Militants Attack Luxury Hotel in Libyan Capital, 2 KilledAyman Kekly
Gunmen stormed a luxury hotel in Libya’s capital, Tripoli, after a car bombing outside the building killed at least two security guards and set vehicles on fire.
All guests have been evacuated under armed escort, a spokesman for Malta-owned Corinthia Hotel said. The casualties occurred during the bombing, Essam Naas, a spokesman for joint security operations in Tripoli, said by phone.
It wasn’t immediately clear who ordered the attack. The gunmen are thought to belong to Islamic State, the hotel spokesman said. Local Al Nabaa Television, citing an unidentified official, said the assailants were targeting Omar El Hassi, prime minister of the Islamist government based in the capital. A rival administration is headquartered in the country’s east.
The attack comes as the United Nations holds talks in Geneva aimed at ending a standoff between the two governments and restoring stability to the North African oil producer. Turmoil has deepened over the three years since the ousting of Muammar Qaddafi in 2011 with militias vying for influence.
The Corinthia Hotel, on the waterfront near the capital’s port, was home to diplomats after the 2011 war. Former Prime Minister Ali Zaidan was kidnapped from his room in October 2013 and released hours later.
Security forces fanned out around the hotel and sporadic gunfire was heard as they encountered militants inside. One gunman was arrested, state-run Lana news agency reported.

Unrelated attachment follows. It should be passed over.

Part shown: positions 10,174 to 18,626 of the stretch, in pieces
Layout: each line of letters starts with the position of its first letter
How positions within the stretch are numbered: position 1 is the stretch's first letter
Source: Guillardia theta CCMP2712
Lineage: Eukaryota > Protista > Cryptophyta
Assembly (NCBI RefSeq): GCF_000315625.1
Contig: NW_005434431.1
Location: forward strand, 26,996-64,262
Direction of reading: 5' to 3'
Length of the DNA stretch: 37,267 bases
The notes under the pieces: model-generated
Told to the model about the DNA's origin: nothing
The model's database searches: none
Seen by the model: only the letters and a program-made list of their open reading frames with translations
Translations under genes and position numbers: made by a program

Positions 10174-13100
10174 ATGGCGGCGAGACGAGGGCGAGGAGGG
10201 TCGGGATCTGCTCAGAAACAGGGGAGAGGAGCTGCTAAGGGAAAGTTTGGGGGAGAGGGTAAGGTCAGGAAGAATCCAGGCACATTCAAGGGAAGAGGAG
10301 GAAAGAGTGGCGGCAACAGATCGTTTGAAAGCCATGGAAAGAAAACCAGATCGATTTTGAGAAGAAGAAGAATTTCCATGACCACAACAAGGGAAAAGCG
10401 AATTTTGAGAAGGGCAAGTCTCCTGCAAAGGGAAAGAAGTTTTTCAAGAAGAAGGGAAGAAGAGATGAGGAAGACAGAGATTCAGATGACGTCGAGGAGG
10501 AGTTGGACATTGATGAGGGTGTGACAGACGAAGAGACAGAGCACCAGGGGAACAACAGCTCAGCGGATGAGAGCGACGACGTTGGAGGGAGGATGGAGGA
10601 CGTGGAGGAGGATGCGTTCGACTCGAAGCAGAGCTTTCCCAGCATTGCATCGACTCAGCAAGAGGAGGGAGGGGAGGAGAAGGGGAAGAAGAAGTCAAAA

A group calling itself Islamic State in Tripoli Province claimed the attack, labeling it the battle of Abu Anas Al Liby, according to SITE Intelligence Group. Al Liby, an alleged al-Qaeda militant accused of involvement in the bombing in 1998 of U.S. embassies in Africa, was captured by U.S. special forces in Libya nearly two years ago and died this month in an American hospital.
Islamic State became a rallying point for extremists worldwide after it announced a caliphate in large swaths of Iraq and Syria under its control.
Libya’s oil output dropped to between 200,000 and 300,000 barrels a day as insecurity spread, Ali Tarhouni, a former oil minister, said last week. That makes Libya, which holds Africa’s largest oil reserves, the smallest producer of the 12-member Organization of Petroleum Exporting Countries. The country was producing about 1.6 million barrels a day before the 2011 rebellion.
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